Do we really realize that child immunization rates, that improved enormously in the 1980s, actually declined since the mid 1990s in Africa and South Asia - in a country like India that actually registered improvements in economic growth? Developing countries as a whole, I am sure many of you have read, have registered a very good economic expansion in that period of the 1990s, grew at a higher rate than the OECD countries. But actually more than 60 countries ended the decade poorer than its beginnings. That is to say the GDP per capita in 60 countries in 2000 was lower than what it was in 1990.
As far as the number of people living in extreme poverty was concerned, the total numbers declined quite a lot in Asia, halved in Asia, but in all other regions, Africa, Latin America, Eastern and Central Europe, former Soviet Union, Arab states, the numbers actually increased.
And this was also at a time when aid to developing countries fell and I think in the aid community, those of us who work with organizations like UNDP, UNICEF, World Bank and bilateral donors like USAID, we focus our attention on the proportion of developed country GDP that has also declined but actually in terms of the recipient countries, aid received per capita in Africa is half today than what it was in 1990. So at a time when there was increasing prosperity in the developed world and declines in many of the developing countries, not all of them, certainly not all of them, but in many of them, in fact support to these countries actually declined in a fairly dramatic way.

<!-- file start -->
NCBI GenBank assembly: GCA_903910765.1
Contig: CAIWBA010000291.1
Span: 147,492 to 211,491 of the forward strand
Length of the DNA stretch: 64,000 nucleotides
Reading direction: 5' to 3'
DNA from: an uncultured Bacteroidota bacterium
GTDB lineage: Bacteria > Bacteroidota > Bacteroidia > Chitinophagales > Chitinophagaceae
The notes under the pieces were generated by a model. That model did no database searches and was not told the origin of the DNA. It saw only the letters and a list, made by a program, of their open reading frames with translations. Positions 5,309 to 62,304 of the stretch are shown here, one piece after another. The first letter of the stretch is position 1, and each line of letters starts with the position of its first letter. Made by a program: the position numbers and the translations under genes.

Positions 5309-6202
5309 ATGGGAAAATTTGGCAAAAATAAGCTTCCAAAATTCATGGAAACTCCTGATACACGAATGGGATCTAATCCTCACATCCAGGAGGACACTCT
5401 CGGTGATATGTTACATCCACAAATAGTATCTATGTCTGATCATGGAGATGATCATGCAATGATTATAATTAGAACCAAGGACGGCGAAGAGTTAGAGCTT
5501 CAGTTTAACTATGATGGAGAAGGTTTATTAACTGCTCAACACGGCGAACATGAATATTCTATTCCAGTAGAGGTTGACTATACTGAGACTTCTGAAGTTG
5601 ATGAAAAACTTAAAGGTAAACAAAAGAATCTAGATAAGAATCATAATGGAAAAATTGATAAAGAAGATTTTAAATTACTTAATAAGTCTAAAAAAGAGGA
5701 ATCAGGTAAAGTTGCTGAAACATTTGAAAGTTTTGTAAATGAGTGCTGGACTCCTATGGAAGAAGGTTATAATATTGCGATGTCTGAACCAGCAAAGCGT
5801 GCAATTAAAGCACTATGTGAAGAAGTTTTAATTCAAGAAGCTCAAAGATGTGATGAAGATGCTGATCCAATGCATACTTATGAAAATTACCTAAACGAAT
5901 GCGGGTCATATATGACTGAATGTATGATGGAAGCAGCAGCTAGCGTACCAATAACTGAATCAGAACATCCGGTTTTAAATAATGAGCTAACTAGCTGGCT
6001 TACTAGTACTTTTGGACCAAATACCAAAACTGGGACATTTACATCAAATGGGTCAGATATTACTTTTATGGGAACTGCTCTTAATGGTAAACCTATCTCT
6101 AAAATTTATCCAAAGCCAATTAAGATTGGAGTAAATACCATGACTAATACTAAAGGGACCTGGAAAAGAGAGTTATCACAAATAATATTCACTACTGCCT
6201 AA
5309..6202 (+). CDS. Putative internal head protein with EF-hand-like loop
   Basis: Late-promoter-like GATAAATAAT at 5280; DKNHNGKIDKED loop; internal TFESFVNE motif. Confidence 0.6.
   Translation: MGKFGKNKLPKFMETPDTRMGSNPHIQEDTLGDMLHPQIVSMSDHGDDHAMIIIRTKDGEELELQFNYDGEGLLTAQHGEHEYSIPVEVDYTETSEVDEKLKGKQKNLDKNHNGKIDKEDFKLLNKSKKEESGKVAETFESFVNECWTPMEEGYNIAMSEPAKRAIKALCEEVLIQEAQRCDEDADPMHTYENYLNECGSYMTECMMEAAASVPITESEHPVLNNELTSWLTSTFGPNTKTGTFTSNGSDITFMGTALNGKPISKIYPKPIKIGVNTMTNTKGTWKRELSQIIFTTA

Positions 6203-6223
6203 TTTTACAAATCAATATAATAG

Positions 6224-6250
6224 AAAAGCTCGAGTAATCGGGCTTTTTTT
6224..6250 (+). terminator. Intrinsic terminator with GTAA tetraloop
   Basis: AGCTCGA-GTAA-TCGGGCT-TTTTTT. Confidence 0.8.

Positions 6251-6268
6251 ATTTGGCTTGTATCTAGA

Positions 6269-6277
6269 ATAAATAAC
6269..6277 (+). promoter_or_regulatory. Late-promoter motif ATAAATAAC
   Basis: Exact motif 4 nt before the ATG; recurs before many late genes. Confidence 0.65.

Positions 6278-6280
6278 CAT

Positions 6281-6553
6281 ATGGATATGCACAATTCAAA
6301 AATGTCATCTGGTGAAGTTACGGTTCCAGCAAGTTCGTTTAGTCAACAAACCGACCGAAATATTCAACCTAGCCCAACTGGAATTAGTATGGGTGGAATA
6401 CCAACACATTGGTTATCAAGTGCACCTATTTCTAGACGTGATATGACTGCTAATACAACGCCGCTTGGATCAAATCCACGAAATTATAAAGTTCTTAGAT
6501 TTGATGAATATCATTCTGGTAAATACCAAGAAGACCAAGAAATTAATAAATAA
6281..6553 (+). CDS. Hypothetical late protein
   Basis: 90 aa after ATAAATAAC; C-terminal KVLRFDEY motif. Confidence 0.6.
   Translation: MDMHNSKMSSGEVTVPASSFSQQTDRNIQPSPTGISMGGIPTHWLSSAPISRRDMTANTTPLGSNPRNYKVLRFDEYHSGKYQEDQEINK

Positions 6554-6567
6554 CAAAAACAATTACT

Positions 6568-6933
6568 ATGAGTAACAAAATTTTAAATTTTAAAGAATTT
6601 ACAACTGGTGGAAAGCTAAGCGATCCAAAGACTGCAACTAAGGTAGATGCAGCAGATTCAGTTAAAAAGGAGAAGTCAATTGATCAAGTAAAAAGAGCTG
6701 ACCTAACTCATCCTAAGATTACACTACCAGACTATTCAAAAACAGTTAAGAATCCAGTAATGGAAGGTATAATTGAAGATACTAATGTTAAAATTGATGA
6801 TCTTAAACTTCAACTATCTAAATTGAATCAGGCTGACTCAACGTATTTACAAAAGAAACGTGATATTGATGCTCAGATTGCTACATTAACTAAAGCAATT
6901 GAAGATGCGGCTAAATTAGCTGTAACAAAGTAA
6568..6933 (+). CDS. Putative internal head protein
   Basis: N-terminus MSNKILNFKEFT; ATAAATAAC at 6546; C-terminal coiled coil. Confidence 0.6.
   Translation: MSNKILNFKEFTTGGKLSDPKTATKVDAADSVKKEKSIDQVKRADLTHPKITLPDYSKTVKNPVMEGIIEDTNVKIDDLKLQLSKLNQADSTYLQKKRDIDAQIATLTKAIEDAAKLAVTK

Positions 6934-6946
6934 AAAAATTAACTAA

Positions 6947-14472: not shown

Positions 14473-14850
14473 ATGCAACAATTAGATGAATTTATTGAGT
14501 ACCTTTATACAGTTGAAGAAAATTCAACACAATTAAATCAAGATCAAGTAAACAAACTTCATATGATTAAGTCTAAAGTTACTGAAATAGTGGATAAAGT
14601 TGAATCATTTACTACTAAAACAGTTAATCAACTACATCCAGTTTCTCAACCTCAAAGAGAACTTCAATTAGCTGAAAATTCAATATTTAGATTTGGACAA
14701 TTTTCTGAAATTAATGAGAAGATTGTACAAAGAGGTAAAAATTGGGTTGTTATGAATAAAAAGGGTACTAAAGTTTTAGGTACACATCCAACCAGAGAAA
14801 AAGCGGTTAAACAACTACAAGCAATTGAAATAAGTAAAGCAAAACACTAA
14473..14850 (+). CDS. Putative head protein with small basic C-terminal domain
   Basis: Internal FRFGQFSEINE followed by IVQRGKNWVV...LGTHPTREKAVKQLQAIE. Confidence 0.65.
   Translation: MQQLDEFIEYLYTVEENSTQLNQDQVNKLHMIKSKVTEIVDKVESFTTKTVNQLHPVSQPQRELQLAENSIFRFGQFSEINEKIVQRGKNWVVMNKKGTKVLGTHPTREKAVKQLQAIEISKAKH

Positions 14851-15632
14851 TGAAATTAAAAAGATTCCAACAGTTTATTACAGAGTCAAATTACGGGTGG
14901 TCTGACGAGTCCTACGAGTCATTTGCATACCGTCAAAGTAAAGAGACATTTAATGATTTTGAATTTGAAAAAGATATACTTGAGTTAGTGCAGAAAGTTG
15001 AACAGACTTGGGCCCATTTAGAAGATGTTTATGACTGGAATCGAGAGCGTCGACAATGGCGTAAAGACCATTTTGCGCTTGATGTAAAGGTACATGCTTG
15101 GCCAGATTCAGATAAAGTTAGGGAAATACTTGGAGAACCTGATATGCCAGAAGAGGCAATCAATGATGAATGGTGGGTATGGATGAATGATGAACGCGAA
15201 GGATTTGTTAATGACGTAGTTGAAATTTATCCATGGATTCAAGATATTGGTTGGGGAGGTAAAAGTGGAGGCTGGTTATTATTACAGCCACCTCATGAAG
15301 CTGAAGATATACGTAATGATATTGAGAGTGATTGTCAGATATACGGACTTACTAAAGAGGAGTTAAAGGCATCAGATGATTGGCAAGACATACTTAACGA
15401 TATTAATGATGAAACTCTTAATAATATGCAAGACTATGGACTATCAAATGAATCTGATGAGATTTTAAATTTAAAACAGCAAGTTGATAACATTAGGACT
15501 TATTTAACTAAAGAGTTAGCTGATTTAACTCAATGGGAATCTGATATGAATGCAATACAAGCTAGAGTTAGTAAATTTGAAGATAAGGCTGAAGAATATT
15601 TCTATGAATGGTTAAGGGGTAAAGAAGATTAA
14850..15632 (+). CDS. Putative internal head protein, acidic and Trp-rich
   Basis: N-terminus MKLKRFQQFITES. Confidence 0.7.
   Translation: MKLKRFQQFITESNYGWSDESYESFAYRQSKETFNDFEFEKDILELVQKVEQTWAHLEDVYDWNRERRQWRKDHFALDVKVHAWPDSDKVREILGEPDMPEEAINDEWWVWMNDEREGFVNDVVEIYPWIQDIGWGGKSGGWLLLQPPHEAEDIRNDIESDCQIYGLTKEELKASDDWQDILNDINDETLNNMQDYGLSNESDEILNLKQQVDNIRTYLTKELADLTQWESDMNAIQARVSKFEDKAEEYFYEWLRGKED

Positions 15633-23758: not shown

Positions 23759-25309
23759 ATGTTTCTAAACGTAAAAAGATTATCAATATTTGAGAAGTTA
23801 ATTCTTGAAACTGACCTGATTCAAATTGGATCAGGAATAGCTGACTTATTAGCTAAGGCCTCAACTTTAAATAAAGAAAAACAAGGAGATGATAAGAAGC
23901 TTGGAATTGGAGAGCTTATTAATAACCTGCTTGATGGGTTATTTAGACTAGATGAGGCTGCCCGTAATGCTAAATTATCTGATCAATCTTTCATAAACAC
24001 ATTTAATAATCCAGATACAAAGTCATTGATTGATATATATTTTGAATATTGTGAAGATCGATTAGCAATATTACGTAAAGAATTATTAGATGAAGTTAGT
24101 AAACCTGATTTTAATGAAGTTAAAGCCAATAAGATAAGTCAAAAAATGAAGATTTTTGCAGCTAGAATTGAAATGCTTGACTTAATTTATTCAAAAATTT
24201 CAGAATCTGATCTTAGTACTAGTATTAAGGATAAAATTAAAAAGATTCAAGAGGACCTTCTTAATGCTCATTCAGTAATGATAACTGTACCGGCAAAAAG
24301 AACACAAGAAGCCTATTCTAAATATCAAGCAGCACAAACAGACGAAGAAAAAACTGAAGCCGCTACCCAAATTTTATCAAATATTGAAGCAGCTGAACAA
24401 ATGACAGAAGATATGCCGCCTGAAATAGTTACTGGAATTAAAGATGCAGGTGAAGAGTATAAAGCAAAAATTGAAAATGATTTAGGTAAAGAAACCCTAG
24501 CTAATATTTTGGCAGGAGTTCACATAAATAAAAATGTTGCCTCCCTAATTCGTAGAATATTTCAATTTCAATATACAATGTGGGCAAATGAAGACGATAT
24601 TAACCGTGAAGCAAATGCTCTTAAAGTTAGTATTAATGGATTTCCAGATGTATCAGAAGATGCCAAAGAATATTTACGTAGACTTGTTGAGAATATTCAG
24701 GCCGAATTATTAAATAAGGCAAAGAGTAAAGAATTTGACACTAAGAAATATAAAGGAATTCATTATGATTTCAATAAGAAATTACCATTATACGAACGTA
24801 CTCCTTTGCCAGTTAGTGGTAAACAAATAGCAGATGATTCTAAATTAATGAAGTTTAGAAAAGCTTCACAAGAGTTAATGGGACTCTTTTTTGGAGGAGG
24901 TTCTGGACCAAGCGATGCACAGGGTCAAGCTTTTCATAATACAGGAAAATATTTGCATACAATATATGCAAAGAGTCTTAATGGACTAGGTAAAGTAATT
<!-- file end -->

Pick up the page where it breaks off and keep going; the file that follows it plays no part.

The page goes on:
Let me then go on to the trends in democracy. Of the 81 that embraced democracy in the 1980s and early 90s, only 47 today are considered to be fully functioning. I think these overall global trends are extremely troubling. Globalization is forging greater interdependence and yet the world is actually much more fragmented. And I think that fragmentation is not just this sort of distance between material wealth between those who have a lot of money, wealth, assets and the poor, but also a distance between the powerful and the powerless, those who believe that the new global economy is full of wonderful opportunities for their lives and those who do not.
And that is what is really the reason why the biggest social movement of our times is the anti-globalization movement. And in many respects I think that political tensions that exist in the world have something to do with all of these divides and these political tensions… you certainly do not want to say that poverty breeds terrorism but certainly there is enough that is going on out there in terms of those who feel that the new world is really something that they can benefit from and those that feel it is something that is rejecting them and their dignity-- that actually provides an environment in which there will be sympathizers to terrorists in many countries of the world.